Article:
Next stop on the tour was the Arab quarter, which contained more Persian carpet shops than you could shake a stick at, and beautifully maintained colonial era buildings (which is unfortunately not as common as one might like). The small splinter-group I was in walked through the area, and noted the beautiful Sultan mosque, with a very busy market outside, selling among other things, wet hamburgers (eh?).

The Arab quarter.
Detail of the Arab quarter.
Why not?
The Sultan Mosque.

The final stop on the tour, as night was falling, was Geylang Serai, a busy mainly Muslim market in the Payar Lebar area of eastern Singapore. We eat here, and were then free to make our own way home. The aforementioned splinter group I was in decided to find the nearest MRT station and head into town, but that was easier said than done. We found the nearest bus stop, looked at the destinations, and did not see anything promising. We walked on to the next bus stop, and did not see anything useful there either. Then I noticed that on the other side of a small green park there seemed to be a train. Indeed it was, and we felt quite stupid for having overlooked it and not asked anyone local for directions. We had plans to go into town, but ended up just going back to campus, since legs were quite tired from having walked in the sun all day.

Hari Raja Pusa (Ramadan) decorations.

Once back at the residential college I stayed in the lobby, since Ivan, the local student who checked me in, was waiting for some others to arrive during the evening, so as to check them in (quite a good service). Ivan is a RA, a residential assistant (one on every floor, responsible for upholding the rules etc etc), and as the evening progressed, he invited all the passing RAs to meet me, and most of them stayed, so we all just sat and talked, among other things about the Chinese sports development programmes, that one of the RAs had experienced first-hand (selected for the Gymnastics team, and in connection with her training was pushed into a swimming pool from the three metre platform with no preparation nor knowledge of swimming or diving). We stayed up until around 1am, meanwhile the people who were checking in had arrived, so we eventually all retired to separate rooms.

Monday was quite uneventful. I went to the bank to set up a Singaporean bank account, for which I had to wait three hours. Later happened to be the first day on which the meal plan was functioning, so I took dinner in the dining hall, choosing the Indian counter (in general, there is a selection of noodles, Asian, western, Indian, Muslim (halal)). Afterwards Delia from Germany, who arrived Sunday, Hannah, Jonathan from DTU (Denmark), and myself had a game of Carcassonne (a brilliant German board game that I made space for in my luggage by sacrificing loudspeakers). Game finished, Patrick (Peru, but studies in Manchester) joined us for a trip to the Italian place on the main square in UTown, where we each had a taste of the local beer (Tiger beer, highly recommendable).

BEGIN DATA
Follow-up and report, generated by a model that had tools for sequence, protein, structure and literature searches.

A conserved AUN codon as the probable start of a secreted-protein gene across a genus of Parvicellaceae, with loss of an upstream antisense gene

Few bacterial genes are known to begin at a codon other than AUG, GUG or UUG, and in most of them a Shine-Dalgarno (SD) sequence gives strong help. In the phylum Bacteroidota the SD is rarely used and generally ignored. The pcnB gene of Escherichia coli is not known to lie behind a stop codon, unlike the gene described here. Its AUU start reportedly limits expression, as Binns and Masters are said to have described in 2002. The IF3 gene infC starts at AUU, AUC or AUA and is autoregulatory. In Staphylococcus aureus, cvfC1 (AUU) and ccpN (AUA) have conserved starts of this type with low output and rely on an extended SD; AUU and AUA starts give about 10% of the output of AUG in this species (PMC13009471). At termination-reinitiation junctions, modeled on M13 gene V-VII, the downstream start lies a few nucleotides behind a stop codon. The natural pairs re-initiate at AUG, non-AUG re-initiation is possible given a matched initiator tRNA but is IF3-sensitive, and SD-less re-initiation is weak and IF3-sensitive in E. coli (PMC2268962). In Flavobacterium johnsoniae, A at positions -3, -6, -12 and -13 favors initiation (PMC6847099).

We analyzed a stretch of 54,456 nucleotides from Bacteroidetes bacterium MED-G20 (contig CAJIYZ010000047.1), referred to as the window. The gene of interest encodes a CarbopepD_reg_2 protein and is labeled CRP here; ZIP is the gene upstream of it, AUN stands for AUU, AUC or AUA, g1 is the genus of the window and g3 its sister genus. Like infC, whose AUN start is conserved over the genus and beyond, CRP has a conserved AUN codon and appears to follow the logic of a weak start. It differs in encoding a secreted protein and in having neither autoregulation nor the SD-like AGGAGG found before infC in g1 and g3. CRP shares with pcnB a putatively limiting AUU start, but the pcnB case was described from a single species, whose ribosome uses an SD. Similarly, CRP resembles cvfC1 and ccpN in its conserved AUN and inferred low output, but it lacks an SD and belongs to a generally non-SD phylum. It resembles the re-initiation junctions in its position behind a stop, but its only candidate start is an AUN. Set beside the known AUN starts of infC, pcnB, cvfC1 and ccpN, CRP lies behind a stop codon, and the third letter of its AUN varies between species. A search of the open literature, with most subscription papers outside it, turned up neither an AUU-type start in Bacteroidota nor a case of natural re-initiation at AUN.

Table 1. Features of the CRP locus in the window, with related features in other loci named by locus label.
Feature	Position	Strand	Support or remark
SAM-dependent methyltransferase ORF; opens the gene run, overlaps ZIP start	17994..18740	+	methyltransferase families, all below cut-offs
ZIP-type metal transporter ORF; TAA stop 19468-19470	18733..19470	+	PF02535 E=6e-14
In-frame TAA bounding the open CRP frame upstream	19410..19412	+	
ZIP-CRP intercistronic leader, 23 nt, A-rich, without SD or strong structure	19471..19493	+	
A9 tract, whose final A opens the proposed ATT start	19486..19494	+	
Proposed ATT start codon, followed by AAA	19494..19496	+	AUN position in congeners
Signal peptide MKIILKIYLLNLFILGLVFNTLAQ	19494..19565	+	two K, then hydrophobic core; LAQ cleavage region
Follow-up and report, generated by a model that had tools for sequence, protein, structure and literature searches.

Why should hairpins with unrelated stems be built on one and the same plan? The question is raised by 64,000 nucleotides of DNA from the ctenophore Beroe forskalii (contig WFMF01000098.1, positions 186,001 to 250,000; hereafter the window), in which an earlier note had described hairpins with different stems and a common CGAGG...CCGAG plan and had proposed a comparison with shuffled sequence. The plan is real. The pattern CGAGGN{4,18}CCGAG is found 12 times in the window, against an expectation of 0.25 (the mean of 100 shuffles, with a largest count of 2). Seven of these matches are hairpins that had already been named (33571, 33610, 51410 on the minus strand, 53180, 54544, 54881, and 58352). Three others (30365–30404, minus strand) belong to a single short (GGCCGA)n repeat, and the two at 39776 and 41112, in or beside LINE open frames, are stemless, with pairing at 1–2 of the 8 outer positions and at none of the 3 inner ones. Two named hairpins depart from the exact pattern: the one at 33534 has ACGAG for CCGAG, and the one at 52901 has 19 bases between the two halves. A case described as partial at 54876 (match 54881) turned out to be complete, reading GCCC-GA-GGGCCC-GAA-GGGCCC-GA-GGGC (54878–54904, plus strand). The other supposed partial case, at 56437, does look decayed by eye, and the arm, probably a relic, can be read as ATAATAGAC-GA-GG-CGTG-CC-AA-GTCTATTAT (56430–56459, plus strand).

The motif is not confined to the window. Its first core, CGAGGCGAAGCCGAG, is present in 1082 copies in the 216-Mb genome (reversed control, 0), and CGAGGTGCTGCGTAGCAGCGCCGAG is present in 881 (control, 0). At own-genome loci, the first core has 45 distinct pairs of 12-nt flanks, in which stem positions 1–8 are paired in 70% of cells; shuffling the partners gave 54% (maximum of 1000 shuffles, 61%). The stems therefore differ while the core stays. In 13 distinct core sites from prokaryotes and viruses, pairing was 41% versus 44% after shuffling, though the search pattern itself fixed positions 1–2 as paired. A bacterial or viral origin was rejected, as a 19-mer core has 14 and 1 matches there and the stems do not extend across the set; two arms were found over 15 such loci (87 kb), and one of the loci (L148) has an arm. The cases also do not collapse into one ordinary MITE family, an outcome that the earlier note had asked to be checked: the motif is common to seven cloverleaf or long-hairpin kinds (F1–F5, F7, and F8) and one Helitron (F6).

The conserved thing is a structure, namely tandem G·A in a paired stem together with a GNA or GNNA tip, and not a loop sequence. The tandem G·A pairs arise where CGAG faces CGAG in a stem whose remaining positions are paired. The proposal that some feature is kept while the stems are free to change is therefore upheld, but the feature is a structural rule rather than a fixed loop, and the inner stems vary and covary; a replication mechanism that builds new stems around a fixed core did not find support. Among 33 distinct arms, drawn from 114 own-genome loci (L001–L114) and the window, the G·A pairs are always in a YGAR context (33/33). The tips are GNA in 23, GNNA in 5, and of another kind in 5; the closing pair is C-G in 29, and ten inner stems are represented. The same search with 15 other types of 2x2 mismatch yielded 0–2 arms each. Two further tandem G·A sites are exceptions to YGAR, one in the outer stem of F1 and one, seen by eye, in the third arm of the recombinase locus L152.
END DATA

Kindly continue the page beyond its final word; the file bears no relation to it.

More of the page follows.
Today was similarly uneventful, I have learned not to choose Western breakfast (too small portions), I went to the IT help centre to get the wifi working on my laptop (I just had to change the domain to lowercase, which was unexpected for both me and the quite helpful person there),  I have done my laundry (which actually dries fine in the open-to-the-elements corridor when left to hang on the rack for half a day), and been swimming with Boli from China, whom I met yesterday, and his friends who introduced themselves as Steve, Grace, Elena and Li (I believe… quite embarrassing when the Asian custom of choosing a western name so as to help us stupid white people remember names actually shows its worth….) from Korea.

Checklist for Singapore:

Bank account, check
wifi, check
knowledge of the city, check
three trips to the swimming pool, check
loving the food, check
tolerating the climate, check
Getting there it seems.

Now I’m going to paste in some pictures into this post, and then go downstairs and see if the piano is free…

Author: jpamills

Website: www.jpamills.dk